Laboratory for Host-specific virology


Principle Investigator:

Dr. Stefan Rothenburg

Assistant Professor for Virology and Immunology

Email: sr1hsv[at]



Importance of Host-Virus-Specific Interactions for Virus Host Range and Virulence

Evolution of the Host Innate Immune System and Interaction with Viruses

Improved poxviruses for cancer therapy

Research Interests

The host innate immune system plays an essential role in detecting invading viruses and in initiating and orchestrating antiviral responses. In order to establish productive infections, viruses have to effectively inhibit this host response. This leads to an evolutionary arms race between the host and the virus.

Our research focuses on the interaction between viruses with the immune system of their hosts. We are studying how viral nucleic acids are detected in vertebrates, which antiviral pathways are activated and how viral molecules interfere with these processes.

Major research objectives are the elucidation of the molecular mechanisms that determine virus host range and virulence. Viral genes that are studied in our laboratory include those from poxviruses, influenza viruses, herpesviruses, iridoviruses, Ebola virus and tumor viruses.

We are harnessing the knowledge gained from the interaction studies of viral gene products with proteins of the host innate immune system to engineer poxviruses with enhanced capabilities to selectively destroy human cancer cells and to create proteins with enhanced antiviral activity that will help to prevent the transmission of viruses from animals to humans and to other animals.


Mouse 3T3 cells infected with a vaccinia virus strain that encodes green fluorescent protein. (Photo by Sherry Haller).

Localization of the vaccinia virus protein E3L in transfected HeLa cells (Photo by Stefan Rothenburg).

HeLa cell transfected with nucleic acid sensor ZBP1 fused to RFP (red) and  TIA-1 fused to GFP (green) (Photo by Stefan Rothenburg).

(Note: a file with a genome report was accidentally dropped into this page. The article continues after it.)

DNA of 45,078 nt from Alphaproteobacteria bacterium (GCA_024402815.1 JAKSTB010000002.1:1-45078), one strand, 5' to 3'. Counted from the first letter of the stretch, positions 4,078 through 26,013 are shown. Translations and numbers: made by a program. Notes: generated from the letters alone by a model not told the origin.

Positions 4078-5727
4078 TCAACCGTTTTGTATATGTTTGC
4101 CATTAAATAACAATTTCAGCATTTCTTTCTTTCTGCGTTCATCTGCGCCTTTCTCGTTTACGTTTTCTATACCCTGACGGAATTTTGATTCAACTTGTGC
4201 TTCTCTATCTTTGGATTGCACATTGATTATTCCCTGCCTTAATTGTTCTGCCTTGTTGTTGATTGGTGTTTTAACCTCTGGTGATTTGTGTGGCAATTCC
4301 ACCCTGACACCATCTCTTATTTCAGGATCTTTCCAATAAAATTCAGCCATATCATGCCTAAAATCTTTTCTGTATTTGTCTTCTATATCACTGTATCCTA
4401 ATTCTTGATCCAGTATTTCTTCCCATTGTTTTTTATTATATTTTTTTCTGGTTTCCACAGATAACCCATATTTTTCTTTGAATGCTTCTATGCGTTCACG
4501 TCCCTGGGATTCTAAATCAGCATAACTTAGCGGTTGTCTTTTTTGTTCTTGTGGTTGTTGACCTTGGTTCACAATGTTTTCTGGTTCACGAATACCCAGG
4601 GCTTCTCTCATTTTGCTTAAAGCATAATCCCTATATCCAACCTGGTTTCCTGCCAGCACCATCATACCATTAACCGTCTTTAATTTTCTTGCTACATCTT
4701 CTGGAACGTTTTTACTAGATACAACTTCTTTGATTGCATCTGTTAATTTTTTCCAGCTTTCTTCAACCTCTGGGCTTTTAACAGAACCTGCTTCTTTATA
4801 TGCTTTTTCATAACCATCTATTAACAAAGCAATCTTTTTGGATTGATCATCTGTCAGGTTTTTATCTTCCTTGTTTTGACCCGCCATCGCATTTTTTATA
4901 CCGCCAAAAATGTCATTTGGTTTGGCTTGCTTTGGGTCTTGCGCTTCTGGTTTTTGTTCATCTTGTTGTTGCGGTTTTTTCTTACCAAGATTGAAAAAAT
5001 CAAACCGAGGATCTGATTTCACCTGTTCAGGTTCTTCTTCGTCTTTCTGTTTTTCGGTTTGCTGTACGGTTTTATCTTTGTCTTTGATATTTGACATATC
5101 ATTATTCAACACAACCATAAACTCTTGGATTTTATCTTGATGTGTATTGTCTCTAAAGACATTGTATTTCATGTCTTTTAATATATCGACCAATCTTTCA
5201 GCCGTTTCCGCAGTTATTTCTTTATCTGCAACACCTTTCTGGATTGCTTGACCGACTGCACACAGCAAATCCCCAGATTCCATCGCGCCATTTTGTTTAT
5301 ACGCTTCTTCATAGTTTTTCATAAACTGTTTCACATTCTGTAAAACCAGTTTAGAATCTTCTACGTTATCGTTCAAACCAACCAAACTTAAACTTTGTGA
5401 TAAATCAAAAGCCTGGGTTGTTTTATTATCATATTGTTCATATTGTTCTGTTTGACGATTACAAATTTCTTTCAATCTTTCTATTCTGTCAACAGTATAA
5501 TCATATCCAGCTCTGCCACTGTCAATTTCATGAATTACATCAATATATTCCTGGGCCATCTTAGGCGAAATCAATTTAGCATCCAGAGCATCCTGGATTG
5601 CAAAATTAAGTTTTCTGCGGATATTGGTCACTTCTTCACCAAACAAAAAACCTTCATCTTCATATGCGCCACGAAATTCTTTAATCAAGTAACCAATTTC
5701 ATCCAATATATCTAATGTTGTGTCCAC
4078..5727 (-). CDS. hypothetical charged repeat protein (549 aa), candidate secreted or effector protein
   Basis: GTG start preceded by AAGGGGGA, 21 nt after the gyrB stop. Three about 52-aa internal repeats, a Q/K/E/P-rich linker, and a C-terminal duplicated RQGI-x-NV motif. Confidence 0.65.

Rothenburg Lab members Spring 2015

Rothenburg Lab News:

- Our work was featured in a K-State news release.

  1. -July 2015 We have received an RO1 grant from the National Institute of Allergy and Infectious Diseases of the National Institutes of Health to study the  “Importance of Species-Specific Interactions of PKR with Poxvirus Inhibitors for Virus Replication and Host Range”

  2. -May 2015 Sherry Haller receives travel awards from the American  Society of Virology, the Johnson Center for Basic Cancer Research and the K-State Graduate Student Council to attend the 34th Annual Meeting of the American Society of Virology in London ON, Canada

  3. -May 2015 Sherry Haller receives Graduate Student Summer Stipend from the Johnson Center for Basic Cancer Research

  4. -May 2015 Sherry Haller received the Michael Scott Watkins Award for

Outstanding Graduate Student Teaching

  1. -March 2015, Chen Peng won second prize for best oral presentation in Biological Sciences at the “20th Annual K-State Research Forum”  

  2. -January 2015: Stefan Rothenburg joins the editorial board of the

Journal of Virology

  1. -January 2015: Katherine Sensenich and Adam Schieferecke received

  poster awards at the 13th Annual Kansas Network of Biomedical

  Research Excellence Symposium